Attorney Dov Weisglass said the fact that reporters were not allowed in the Oval Office during Monday night's meeting between Prime Minister Benjamin Netanyahu and President Barack Obama, as well as cancellation of a briefing the Israeli leader intended to hold for reporters, was indicative of either a crisis or far-reaching understandings regarding the Mideast peace process.
"A nearly two-hour meeting between the prime minister and the president of the United States is certainly a special event. It does not happen every day, and it was held behind closed doors because of its content," said Weisglass, who served as former Prime Minister Ariel Sharon's bureau chief.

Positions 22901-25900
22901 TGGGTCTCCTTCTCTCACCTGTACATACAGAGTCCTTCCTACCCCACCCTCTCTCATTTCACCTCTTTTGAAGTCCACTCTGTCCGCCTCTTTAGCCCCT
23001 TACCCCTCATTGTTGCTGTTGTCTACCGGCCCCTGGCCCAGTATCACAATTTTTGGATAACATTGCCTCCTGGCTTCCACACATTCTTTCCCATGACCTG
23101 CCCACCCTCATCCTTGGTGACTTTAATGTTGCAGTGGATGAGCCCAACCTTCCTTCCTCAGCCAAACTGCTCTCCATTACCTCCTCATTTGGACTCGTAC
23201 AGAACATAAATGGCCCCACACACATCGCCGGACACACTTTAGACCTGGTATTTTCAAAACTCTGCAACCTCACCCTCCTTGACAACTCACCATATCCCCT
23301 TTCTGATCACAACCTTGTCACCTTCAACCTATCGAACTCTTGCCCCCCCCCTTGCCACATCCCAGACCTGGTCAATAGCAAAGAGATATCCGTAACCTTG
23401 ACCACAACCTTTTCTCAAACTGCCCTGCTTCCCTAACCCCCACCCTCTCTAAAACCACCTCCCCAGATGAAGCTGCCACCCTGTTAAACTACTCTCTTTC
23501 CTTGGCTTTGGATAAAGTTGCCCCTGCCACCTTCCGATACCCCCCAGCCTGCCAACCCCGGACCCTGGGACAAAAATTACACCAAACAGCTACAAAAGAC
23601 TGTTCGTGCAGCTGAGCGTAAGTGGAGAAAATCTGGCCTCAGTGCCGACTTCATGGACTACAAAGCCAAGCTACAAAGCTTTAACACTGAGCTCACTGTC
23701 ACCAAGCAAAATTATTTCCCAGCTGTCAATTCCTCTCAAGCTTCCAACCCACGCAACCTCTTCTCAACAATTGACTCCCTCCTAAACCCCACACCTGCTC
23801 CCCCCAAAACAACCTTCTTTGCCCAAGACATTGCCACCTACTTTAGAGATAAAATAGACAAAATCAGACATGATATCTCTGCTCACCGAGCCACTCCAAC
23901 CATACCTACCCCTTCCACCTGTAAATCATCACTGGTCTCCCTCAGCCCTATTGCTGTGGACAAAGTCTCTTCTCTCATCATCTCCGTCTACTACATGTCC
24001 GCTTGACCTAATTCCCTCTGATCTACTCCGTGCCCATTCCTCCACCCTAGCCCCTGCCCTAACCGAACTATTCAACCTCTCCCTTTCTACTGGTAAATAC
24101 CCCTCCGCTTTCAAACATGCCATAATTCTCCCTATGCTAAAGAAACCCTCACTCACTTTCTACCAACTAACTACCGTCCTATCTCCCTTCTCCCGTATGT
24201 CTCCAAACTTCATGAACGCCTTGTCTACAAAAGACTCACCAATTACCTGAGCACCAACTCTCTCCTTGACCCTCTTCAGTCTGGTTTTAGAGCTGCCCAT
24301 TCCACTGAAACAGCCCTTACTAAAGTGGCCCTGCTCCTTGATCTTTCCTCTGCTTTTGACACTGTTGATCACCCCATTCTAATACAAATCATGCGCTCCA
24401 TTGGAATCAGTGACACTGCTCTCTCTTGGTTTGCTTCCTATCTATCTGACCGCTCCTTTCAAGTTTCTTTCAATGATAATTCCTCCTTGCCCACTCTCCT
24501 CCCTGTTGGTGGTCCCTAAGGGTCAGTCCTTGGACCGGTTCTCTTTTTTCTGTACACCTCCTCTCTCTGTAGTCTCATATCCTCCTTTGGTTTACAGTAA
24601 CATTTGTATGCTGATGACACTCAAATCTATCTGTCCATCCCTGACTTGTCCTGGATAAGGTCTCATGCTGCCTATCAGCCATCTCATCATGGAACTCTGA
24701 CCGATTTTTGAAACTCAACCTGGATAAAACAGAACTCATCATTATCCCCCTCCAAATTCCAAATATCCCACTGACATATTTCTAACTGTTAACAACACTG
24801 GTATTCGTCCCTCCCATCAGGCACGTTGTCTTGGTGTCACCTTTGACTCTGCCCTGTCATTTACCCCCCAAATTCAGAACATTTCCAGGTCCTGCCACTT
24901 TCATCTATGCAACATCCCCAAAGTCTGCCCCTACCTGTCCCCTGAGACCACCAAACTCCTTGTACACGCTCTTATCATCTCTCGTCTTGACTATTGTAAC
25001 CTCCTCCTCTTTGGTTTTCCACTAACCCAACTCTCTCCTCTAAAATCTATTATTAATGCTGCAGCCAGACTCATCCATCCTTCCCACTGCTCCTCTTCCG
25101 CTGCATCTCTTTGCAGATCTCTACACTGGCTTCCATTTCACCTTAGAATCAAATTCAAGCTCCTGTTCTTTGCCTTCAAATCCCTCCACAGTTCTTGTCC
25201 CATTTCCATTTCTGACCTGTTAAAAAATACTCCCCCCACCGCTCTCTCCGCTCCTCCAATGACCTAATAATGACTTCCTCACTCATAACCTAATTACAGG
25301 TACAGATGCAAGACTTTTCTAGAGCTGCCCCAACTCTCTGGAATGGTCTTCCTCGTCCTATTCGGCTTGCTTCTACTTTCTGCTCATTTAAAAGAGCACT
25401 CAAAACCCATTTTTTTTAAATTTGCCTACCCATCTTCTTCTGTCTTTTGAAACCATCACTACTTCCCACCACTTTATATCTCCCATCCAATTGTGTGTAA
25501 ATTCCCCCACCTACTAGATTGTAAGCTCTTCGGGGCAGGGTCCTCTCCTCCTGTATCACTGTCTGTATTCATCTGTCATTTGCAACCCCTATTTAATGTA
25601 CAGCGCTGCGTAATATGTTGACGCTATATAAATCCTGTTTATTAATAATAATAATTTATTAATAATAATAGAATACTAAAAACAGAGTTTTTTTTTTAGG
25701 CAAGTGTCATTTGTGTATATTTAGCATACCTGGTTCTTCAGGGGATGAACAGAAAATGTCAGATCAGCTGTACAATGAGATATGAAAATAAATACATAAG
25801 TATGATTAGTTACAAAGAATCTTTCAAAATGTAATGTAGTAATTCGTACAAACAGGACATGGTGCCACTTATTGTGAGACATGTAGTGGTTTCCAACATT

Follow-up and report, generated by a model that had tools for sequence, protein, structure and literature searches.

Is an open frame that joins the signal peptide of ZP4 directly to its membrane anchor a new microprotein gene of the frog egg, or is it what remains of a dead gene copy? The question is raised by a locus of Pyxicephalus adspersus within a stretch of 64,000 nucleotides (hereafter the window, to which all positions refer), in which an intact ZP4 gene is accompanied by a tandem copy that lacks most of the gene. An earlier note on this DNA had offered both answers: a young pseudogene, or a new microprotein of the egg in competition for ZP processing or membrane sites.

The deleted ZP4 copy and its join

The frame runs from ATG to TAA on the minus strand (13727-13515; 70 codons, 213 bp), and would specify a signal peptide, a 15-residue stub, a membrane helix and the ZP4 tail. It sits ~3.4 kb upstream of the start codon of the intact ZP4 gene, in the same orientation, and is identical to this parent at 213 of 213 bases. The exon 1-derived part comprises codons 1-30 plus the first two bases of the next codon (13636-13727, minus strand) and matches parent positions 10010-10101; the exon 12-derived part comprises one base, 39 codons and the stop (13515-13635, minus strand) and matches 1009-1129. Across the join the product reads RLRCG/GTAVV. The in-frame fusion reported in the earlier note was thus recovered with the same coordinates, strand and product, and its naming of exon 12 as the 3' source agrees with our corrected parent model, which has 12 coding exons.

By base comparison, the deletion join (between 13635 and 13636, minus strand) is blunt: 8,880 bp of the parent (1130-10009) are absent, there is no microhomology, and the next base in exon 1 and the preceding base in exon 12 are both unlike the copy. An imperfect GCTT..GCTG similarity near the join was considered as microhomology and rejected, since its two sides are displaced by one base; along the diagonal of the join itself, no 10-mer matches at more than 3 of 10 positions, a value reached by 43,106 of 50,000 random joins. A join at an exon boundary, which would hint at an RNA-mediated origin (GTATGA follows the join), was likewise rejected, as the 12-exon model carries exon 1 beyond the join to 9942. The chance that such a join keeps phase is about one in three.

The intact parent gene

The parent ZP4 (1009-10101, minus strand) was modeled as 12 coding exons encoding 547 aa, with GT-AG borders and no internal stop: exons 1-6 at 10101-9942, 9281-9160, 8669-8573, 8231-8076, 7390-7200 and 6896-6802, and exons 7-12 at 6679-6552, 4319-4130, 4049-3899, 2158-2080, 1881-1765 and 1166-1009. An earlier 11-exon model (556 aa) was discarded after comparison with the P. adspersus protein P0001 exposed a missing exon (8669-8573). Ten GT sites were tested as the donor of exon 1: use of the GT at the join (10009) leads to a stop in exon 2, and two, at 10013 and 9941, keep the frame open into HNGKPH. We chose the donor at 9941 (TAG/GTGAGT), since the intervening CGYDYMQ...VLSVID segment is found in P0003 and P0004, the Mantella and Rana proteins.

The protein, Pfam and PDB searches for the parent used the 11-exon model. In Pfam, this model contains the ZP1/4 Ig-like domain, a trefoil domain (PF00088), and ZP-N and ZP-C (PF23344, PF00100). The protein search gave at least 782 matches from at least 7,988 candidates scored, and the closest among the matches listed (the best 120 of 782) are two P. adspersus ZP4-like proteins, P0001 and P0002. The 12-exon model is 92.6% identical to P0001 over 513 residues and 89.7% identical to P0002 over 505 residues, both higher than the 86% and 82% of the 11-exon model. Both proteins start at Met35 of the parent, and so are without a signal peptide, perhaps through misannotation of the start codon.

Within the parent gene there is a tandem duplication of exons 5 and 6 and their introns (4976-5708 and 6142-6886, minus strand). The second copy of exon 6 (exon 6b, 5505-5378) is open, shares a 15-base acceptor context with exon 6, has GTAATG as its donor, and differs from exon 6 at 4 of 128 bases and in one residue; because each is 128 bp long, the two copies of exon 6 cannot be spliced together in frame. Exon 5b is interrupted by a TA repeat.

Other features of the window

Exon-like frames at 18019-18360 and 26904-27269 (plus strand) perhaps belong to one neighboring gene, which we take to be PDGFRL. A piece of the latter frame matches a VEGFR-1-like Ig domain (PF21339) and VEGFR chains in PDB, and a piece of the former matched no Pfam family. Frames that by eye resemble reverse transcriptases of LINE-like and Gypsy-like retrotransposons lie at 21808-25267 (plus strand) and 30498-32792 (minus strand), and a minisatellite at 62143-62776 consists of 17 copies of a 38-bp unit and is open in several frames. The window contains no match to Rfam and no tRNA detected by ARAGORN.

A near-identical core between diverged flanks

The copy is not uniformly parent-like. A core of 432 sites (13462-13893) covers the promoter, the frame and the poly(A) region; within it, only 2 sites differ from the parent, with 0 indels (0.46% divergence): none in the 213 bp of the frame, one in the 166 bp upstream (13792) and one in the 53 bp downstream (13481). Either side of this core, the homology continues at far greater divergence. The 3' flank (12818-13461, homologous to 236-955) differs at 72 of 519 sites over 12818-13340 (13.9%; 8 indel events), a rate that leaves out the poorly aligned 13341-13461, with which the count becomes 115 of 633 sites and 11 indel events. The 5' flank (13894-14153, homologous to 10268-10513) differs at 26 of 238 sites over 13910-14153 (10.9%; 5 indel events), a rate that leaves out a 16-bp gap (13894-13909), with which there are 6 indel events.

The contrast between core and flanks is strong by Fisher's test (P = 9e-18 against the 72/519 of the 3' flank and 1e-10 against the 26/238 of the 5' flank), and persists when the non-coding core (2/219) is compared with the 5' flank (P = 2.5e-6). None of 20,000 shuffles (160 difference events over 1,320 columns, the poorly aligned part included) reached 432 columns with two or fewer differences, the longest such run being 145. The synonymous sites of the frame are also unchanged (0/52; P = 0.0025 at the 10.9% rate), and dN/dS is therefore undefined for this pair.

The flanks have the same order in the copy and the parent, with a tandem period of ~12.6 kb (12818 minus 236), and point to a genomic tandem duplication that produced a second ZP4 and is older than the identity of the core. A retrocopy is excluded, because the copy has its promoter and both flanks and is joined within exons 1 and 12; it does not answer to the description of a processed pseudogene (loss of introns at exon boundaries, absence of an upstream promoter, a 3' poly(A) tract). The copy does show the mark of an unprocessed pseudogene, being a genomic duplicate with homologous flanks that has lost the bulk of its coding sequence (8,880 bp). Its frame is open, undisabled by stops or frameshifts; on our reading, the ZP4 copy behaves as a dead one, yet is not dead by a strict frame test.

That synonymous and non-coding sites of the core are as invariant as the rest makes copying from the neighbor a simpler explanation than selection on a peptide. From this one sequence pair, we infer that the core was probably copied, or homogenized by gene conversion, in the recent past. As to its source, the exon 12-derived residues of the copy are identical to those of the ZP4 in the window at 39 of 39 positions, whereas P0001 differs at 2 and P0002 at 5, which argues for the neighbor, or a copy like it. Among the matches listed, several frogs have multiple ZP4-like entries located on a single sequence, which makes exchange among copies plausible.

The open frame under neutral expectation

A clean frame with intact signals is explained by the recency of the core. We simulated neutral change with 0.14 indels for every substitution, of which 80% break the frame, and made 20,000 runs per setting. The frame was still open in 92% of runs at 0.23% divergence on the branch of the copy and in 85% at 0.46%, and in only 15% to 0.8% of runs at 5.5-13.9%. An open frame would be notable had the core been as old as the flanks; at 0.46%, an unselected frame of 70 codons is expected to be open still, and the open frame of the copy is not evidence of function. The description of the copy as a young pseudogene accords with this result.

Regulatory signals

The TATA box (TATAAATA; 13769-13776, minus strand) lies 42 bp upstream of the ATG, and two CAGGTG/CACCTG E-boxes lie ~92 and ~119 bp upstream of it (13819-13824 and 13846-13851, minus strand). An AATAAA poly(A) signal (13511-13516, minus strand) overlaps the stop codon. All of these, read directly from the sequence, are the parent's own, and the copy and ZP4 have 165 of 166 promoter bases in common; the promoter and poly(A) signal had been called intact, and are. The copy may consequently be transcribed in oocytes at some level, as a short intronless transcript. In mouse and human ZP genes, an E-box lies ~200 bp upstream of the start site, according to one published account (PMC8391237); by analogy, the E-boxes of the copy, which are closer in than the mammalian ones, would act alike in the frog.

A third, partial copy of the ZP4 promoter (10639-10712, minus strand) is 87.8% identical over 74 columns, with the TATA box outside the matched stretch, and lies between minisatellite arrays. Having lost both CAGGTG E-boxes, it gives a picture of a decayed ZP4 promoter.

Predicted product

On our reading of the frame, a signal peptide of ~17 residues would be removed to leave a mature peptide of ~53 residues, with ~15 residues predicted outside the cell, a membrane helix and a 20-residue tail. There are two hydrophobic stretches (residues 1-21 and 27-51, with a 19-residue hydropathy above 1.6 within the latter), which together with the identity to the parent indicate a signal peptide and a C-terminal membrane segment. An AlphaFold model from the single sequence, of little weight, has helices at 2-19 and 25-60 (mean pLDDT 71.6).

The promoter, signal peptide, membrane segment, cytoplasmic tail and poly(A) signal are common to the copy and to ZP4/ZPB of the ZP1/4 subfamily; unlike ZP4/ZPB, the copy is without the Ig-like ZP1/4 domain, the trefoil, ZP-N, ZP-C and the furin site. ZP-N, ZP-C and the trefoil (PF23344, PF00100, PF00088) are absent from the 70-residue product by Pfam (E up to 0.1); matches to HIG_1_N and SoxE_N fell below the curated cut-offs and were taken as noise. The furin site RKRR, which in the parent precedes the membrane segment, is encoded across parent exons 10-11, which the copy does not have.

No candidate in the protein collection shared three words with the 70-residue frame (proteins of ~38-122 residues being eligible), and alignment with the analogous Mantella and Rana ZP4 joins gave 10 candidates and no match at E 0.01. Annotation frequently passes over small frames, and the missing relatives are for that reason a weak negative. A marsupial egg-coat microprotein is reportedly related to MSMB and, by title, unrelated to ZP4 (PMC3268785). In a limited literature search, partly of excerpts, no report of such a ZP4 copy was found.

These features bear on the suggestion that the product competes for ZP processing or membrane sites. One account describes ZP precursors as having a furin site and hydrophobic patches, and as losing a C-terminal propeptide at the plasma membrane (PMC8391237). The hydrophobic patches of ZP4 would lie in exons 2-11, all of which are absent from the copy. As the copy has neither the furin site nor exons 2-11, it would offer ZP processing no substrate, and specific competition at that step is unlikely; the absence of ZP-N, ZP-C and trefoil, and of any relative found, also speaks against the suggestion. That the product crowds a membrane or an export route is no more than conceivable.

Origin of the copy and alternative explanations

"Clearly, one of two things occurred during the meeting – a severe crisis and deadlock which the sides do not want to make worse by making it public, or far-reaching understandings that may lead to a domestic crisis in Israel, and therefore are not made public either," he said. "Time will tell which of the two scenarios actually transpired."
Attorney Gilad Scher, who served as director general of the Prime Minister's Bureau under Ehud Barak, estimated that details from the meeting will be published within the next 24 hours.
"I doubt if the meeting's content was as dramatic as some media outlets made it out to be," he said.
"Nearly a year after Obama entered office, it is clear to all of the parties involved that valuable time has been lost in the efforts achieve a two-state solution. The window of opportunity to jumpstart the negotiations is closing and becoming more complex, because there is no solution that can guarantee us a democratic Jewish state for generations to come," said Scher.